The Supreme Court of the United States overturned Roe v. Wade and it’s done. That’s where things are at and unless Congress decides to codify the right to abortion it isn’t going to change any time soon. Being forced to have a baby is a serious responsibility and when anti-abortion activists discuss America post-Roe, it’s always in moral terms. That’s fair enough. That’s how they want to frame it.
That said, it cannot be stressed enough that the prohibition against abortion is more than a moral issue. It is a socio-economic issue. It’s a financial issue, especially in the United States of America. To put it bluntly, it costs money — a whole lot of it — to have a baby from a healthcare perspective. If the anti-abortion contingent is going to insist and impose its will on women who do not agree with them, it is their responsibility to ensure that the financial burden that is forced on the women are taken care of in full.
Why? Because the women who are most likely to bear the brunt of the prohibition of abortion are resource poor women, especially women of color. But taking color out of this, childbirth is a major expense that can push a household from treading water to terminally drowning. Before the Supreme Court’s decision, incurring that expense was a choice. Now, that choice no longer exists. So the answer is clear…
Why? Because women are more likely to be uninsured than their male counterparts for complex reasons.
According to the Kaiser Family Foundation, “Women are less likely than men to be uninsured, as a higher share of adult women are enrolled in Medicaid. On average, women have lower incomes and have been more likely to qualify for Medicaid than men under one of Medicaid’s eligibility categories; pregnant, parent of children under 18, disabled, or over 65. In 2020, 13% of men 19-64 were uninsured compared to approximately 11% of women ages 19 to 64 (10.3 million women). In spite of significant job losses, uninsured rates among women held steady during the first year of the COVID-19 pandemic.”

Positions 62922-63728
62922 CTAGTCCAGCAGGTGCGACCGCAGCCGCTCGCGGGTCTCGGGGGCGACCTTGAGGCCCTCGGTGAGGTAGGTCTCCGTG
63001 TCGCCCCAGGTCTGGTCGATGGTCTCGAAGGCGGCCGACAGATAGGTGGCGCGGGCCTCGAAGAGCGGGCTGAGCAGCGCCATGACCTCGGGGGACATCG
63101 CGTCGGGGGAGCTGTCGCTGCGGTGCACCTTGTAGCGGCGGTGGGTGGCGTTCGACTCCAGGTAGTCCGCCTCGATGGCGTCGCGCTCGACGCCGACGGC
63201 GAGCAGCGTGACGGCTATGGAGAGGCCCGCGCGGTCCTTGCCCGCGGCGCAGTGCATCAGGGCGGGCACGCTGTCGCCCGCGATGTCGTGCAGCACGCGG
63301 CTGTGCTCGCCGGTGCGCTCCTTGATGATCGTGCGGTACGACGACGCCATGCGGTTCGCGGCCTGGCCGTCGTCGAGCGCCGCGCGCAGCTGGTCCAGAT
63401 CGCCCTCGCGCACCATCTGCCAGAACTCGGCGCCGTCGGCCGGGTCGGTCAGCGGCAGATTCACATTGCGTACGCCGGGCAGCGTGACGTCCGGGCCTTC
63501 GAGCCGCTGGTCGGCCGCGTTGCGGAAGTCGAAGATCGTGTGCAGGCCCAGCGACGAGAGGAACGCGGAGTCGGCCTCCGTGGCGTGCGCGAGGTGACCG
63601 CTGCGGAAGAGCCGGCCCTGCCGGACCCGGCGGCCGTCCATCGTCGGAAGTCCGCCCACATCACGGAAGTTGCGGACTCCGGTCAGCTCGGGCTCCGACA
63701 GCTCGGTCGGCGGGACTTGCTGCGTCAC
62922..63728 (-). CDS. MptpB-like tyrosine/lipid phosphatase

Interestingly, the anti-abortion stance of many politicians is a bit of a head-scratcher since the majority of uninsured women actually live in the States most likely to implement restrictions or bans on access to abortions. Compare the maps. It’s really not a good situation.
Crazy, isn’t it?
It goes without saying that if abortion bans are implemented and women are forced to carry a child to term, therefore incurring significant costs that extend far beyond just healthcare costs, the most logical thing to do is to create a universal healthcare system to cushion the blow. Every bit of help will do.
WORDS: Marc Landas.
IMAGE CREDIT: Marc Nozell.
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